Every time I go to a new doctor and have to fill out the “family medical history” portion, I’m like, “N/A, N/A, N/A, I’m adopted.” I get tested for things more frequently, or earlier, than people who have a good grasp on what their family and medical history is. I think I have to do a blood test or something with the person I choose to marry to make sure we’re not related. There are lots of funny things like that.
Some questions that people ask me a lot are, “How old were you when you were adopted?” or, “Do you and your brother have the same parents?” Another common one: “Do you know your real mom and real dad?”
I grew up with my mom telling me, “The phrase isn’t ‘real’ mom and dad, it’s ‘birth’ mom and dad. We’re your real parents.” They are.
And I don’t know if I can say it was divine intervention, but it was definitely serendipitous that my two best friends growing up were both adopted, too. That was helpful at that age, where you don’t know how to answer these kinds of questions, when you don’t know what to say. Being friends with them made being adopted feel normal because the three of us could talk about it, or not talk about it, or be like, “That’s cool!”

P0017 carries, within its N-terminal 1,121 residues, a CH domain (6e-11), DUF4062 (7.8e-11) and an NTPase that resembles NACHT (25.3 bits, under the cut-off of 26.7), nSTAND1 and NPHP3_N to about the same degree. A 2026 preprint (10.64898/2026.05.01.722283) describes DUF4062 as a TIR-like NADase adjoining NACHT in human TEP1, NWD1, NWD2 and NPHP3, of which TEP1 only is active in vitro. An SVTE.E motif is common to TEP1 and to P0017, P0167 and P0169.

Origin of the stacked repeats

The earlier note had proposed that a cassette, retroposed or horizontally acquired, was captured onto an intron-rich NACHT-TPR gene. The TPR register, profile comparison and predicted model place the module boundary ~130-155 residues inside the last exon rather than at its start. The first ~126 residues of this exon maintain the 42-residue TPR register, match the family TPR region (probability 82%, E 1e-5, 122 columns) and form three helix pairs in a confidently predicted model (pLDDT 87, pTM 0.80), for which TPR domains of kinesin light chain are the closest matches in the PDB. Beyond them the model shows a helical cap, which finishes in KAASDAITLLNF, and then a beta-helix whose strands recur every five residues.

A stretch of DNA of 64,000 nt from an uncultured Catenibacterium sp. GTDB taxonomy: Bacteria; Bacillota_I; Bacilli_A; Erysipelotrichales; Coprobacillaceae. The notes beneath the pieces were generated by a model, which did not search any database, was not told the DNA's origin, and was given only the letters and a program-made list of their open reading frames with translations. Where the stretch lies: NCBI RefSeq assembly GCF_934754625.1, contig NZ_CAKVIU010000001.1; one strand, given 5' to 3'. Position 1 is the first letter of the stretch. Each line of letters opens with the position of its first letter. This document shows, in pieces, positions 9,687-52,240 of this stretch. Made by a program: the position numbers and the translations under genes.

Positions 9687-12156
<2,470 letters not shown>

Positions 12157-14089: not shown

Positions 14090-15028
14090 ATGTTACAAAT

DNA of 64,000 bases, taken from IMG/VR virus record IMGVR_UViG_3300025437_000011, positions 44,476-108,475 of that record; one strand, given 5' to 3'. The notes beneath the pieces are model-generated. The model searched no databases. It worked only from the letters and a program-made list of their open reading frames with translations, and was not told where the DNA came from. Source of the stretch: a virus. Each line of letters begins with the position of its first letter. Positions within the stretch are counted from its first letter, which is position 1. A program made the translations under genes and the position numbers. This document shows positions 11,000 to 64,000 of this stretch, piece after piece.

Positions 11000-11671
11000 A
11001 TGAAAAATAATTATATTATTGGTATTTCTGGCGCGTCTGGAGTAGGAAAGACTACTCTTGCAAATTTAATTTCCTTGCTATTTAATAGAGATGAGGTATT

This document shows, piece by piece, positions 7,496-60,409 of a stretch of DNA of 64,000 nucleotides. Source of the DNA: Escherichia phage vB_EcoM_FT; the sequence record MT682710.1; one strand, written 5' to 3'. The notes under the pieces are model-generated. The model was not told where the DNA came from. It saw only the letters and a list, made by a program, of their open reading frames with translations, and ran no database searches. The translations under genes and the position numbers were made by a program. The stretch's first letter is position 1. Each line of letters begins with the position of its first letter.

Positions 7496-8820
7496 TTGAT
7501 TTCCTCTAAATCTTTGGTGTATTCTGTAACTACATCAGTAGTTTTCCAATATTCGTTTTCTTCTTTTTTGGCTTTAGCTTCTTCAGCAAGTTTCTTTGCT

My birth parents
A lot of people ask me if I want to know my birth parents. People are nosey. Some are considerate about it — they’ll ask a question then apologize for being intrusive, and usually I’ll say, “It’s cool.” Others ask a million intrusive questions without asking if it’s okay to do so, and then they tell me their opinions that I didn’t ask for.
As to whether or not I want to know my real parents, the answer is not right now. I don’t need to explore that part of my history because I’m content with the parents I have. Between them and my brother and my extended family, I don’t feel like there’s a hole I need to fill.
In all the conversations I’ve had with my mom and dad about this, they’ve made it clear: My birth mom loved me so much, a kind of love you can’t even fathom, because in putting me up for adoption, she had to go against her deepest instinct. It’s ingrained in a mother’s bones. They were clear that the decision she made is the hardest decision you can make. When you’re nine months in, and you can feel that baby swimming around in there…you can’t even imagine. But she made the decision to give her daughter a better life than she could give me at the time. I think someone once asked, “Are you mad your birth mom gave you away?” She didn’t give me away. She gave me all of her love inside of her.
It took a village